ROSEBORO — The cries and pleas of residents in the western portion of Sampson County have been heard — signalization is now in the plans for the intersection of the proposed four-lane N.C. 24 and N.C. 242.
Following an open forum meeting during the May Roseboro board meeting, officials from the Department of Transportation have notified mayor pro tem Alice Butler of the department’s intentions to change the previous plan to have a superstreet at the intersection.
“I received notification that the plans have been changed and they are planning to put signalization at the intersection of 24 and 242,” Butler stated during the meeting.
According to Butler, who informed board members of the change Tuesday night, Karen Collette with the NC DOT, contacted her through email and said the department revisited the original plan for a superstreet at the request of the county’s citizens.
During the May meeting, Dunlop said a superstreet is created when a side street’s movement is redirected into a U-turn. For that reason, superstreets, he said, are safer than intersections that allow the traffic to travel straight through or intersections with stoplights. Superstreets are also known for reducing the likelihood of a crash, he said.
In addition to the request of citizens, the Sampson County Board of Education, as well as the Roseboro town board, pleaded with the department to install signalization at the intersection for the safety of the students. Letters from the town, BOE and residents were sent to the DOT, asking they reconsider the plan to design a superstreet for the intersection of the two state highways.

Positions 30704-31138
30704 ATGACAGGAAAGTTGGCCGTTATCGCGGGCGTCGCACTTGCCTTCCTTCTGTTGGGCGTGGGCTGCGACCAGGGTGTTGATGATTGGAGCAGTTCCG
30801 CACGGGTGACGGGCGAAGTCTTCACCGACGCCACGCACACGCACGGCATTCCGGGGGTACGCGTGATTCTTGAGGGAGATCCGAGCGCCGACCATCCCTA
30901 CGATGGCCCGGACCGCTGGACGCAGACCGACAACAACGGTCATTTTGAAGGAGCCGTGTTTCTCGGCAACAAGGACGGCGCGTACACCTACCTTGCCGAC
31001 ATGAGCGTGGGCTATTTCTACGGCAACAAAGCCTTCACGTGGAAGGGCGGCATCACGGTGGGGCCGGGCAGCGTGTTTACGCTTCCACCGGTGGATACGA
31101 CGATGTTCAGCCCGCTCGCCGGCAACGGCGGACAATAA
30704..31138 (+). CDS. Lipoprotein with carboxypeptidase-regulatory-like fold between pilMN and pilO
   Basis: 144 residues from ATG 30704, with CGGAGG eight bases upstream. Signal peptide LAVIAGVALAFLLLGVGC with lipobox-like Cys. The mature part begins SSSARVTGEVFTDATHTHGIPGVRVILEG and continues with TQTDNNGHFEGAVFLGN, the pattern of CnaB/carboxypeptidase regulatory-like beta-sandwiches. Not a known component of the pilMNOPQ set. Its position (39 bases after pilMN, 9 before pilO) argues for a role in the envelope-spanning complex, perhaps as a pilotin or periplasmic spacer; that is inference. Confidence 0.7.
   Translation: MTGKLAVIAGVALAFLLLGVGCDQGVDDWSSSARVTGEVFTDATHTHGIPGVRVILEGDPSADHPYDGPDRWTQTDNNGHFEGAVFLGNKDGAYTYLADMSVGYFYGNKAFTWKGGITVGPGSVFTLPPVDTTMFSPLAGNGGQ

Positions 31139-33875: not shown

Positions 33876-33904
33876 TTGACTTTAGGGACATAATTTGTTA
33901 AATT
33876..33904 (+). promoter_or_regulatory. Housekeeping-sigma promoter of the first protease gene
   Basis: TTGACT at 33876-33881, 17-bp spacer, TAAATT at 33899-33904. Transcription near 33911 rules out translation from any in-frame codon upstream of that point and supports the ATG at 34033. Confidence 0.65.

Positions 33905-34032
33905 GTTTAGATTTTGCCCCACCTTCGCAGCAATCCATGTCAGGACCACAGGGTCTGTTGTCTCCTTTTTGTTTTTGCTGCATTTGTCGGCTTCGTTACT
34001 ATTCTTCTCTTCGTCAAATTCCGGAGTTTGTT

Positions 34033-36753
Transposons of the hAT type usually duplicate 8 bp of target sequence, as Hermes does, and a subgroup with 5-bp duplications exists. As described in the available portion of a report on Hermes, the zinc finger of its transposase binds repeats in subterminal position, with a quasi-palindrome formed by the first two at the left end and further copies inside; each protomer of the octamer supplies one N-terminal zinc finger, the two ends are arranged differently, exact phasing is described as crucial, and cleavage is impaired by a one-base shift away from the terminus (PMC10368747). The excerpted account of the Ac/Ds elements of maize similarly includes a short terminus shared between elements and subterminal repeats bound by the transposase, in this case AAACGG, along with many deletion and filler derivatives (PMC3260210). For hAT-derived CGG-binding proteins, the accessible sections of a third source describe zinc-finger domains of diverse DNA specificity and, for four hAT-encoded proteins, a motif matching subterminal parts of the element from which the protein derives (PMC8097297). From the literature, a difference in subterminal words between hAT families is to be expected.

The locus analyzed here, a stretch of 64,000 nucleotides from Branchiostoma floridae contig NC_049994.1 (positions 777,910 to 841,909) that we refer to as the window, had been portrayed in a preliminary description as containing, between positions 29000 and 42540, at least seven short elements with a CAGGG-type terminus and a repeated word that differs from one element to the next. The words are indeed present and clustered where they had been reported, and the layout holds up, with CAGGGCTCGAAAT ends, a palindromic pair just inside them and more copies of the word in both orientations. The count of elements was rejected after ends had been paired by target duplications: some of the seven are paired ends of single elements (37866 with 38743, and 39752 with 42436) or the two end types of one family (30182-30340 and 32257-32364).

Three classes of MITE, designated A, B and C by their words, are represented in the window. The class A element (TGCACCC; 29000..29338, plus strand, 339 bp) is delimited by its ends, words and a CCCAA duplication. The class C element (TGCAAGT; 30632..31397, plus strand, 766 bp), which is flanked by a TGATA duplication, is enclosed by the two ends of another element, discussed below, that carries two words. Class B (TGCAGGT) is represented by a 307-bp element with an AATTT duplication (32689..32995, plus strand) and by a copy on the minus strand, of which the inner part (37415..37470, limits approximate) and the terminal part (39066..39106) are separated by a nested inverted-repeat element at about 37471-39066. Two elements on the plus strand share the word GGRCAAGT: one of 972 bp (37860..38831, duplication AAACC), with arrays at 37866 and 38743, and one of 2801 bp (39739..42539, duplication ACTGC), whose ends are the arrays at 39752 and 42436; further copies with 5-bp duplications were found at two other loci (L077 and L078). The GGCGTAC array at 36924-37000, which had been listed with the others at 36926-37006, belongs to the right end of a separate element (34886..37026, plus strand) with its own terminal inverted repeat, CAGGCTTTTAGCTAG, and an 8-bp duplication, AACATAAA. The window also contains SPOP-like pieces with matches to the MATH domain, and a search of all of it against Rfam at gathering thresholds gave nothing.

“As you know, the new superstreet Highway 24 will be a heavily traveled road,” Butler read from the letter send to the DOT. “The speed limit may be 55, but we have concerns that traffic would be traveling much faster. State Highway 242 is also heavily traveled, especially in the morning and afternoons with students, teachers, parents, buses, etc. traveling to the local schools and work.”
The superstreet was also addressed during an open forum at the May meeting, allowing Collette and Jim Dunlop, both officials with the DOT, to hear the pleas of county residents to erect signalization at the intersection.
Collete and Dunlop made a presentation to a crowded town hall, assuring residents that the DOT had completely studied the traffic patterns and flow in the concerned area and a superstreet was the safest avenue for the traffic demand. Butler said Tuesday night that the DOT has now decided the intersection’s projected traffic warrants signalization.
“The DOT has said signalization is warranted because of the heaviness in traffic,” Butler said.
Butler also informed the board that the business leaders in Salemburg and Roseboro will continue to press the DOT to put an overpass at the intersection, as according to previous statements from the DOT, when signalization is warranted, so is an overpass.
Representatives from the western area, including town officials from Salemburg and Roseboro, will attend a meeting with the DOT June 12, asking the department to continue to consider an overpass in the area.
“I would encourage everyone who wrote letters to write a thank you letter,” Butler said. “We did get what we were asking for.”